Knowing the approximate time for the project can help you understand if something seems to be going off. It also holds them accountable if there are multiple projects that are being worked on and if they push yours off. If it is a large project set milestones and understand the time it will take to achieve each one.
What should you not say to a contractor?
When working with a contractor it is important to keep some knowledge to yourself to ensure a truthful transaction.
YOUR THE ONLY ONE BIDDING ON THE JOB
When you are hiring a contractor you want to have multiple bids. This will help ensure they are truthful and that everything aligns. A bid that is extremely low or high should be a warning sign.
NAMING YOUR BUDGET
Naming your budget is an issue since magically the contractor will come in just around this number. They'll find a way to hit that budget if that includes quoting additional labor, some side jobs or excessive materials.
I'LL PAY UPFRONT
Even if offered a discount, it is extremely risky to pay a contractor entirely upfront. Some contractors will take the funds and complete a good job, however others may take the money and run. Even if they complete the task they may do a sloppy job knowing that if you are unhappy you don't have any leverage left.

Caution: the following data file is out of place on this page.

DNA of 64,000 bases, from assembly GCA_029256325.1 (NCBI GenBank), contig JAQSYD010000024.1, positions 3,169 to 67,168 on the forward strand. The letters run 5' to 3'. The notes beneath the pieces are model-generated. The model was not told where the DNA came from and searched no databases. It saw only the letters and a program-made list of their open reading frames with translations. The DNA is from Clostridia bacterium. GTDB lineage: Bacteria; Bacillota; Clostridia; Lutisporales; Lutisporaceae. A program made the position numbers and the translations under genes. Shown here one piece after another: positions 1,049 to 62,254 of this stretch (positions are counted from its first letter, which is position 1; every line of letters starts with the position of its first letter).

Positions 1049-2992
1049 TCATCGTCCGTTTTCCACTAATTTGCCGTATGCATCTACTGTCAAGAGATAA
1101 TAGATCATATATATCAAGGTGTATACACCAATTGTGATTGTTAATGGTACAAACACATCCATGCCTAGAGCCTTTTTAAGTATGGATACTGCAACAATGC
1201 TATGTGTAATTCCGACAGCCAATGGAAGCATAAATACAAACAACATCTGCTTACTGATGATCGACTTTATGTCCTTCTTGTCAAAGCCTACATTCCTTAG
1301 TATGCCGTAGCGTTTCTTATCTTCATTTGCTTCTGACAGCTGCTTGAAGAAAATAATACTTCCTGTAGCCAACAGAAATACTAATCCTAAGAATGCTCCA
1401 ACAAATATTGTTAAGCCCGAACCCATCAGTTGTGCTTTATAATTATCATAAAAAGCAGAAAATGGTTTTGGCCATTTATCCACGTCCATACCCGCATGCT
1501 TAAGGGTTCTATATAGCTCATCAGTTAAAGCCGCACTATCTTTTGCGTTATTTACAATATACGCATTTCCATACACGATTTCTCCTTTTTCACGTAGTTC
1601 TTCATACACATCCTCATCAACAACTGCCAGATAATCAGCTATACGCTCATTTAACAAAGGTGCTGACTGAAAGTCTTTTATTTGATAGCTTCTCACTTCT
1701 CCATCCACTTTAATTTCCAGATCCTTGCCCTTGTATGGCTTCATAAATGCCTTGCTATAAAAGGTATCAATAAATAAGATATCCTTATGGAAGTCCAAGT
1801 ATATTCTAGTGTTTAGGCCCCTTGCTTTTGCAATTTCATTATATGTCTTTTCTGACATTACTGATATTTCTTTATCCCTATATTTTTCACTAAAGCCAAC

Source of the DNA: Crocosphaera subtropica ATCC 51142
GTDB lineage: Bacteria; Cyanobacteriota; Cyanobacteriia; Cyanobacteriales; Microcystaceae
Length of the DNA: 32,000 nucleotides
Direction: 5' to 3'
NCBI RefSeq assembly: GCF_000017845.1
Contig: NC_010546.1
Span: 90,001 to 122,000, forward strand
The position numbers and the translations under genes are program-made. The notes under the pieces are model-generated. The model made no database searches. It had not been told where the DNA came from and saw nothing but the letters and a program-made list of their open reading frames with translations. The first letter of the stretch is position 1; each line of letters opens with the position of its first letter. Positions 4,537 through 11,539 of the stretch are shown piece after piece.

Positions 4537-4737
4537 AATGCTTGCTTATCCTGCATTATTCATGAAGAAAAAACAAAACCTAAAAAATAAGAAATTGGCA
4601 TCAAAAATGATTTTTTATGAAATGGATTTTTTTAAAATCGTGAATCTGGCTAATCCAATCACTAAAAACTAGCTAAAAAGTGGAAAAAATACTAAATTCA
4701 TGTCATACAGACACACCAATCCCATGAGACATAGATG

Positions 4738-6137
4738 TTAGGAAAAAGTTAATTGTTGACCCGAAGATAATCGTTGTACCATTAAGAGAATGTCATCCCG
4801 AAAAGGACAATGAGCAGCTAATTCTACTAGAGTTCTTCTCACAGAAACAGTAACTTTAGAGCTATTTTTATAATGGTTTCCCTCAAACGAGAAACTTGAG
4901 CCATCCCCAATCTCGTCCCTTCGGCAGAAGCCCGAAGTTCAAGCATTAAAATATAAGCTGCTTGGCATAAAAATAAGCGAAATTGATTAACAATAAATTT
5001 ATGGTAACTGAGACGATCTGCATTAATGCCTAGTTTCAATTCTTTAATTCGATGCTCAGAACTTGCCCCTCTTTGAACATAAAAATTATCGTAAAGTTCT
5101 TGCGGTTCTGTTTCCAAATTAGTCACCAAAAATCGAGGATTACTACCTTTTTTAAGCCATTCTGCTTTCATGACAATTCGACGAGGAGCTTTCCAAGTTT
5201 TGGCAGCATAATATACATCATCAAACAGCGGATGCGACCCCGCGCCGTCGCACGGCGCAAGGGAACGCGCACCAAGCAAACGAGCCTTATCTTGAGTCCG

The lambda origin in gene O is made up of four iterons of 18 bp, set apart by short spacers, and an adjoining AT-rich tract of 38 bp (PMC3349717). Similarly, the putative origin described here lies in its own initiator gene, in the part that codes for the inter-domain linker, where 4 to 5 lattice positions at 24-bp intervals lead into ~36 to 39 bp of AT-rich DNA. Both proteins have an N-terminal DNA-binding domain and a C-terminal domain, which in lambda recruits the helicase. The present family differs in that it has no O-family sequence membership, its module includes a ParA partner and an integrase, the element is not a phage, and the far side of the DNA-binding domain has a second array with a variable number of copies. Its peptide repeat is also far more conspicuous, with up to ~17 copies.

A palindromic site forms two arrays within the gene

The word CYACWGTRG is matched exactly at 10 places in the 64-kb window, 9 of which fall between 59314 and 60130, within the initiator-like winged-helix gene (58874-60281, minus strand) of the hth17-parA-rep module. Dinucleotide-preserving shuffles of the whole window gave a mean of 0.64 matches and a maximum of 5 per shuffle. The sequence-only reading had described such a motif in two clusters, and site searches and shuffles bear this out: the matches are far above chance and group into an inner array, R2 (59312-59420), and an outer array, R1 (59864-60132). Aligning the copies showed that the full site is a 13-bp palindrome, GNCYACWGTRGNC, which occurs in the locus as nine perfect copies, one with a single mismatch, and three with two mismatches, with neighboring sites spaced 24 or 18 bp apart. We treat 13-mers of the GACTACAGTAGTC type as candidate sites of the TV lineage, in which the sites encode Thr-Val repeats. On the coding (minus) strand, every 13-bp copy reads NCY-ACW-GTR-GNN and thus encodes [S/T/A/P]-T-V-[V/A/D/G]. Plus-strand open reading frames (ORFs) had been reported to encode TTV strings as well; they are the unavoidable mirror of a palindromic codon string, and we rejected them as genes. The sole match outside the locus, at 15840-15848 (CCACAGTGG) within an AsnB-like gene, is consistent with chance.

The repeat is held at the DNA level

Are contractors always late?
Not all contractors are late, however if you have one that is it might show that it is a bad contractor. Contractors should be processional and keep to the times that they have set. They do juggle multiple jobs and part of construction is unexpected surprises so sometimes it is not their fault. They should always however at least notify you that they are going to be late instead of leaving you hanging.
What contractors hate about clients?
Contractors hate arrogant clients. The contractor is the professional in their line of work and a client who comes off as a know it all. When this occurs, a contractor could even pass on the clients job.
When a client starts talking only about how bad all contractors are it is likely there is an issue with the client. The client could have unrealistic expectations, not understand how to property scope work or more. Contractors sometimes have to act as a therapist to ensure the client they are in good hands.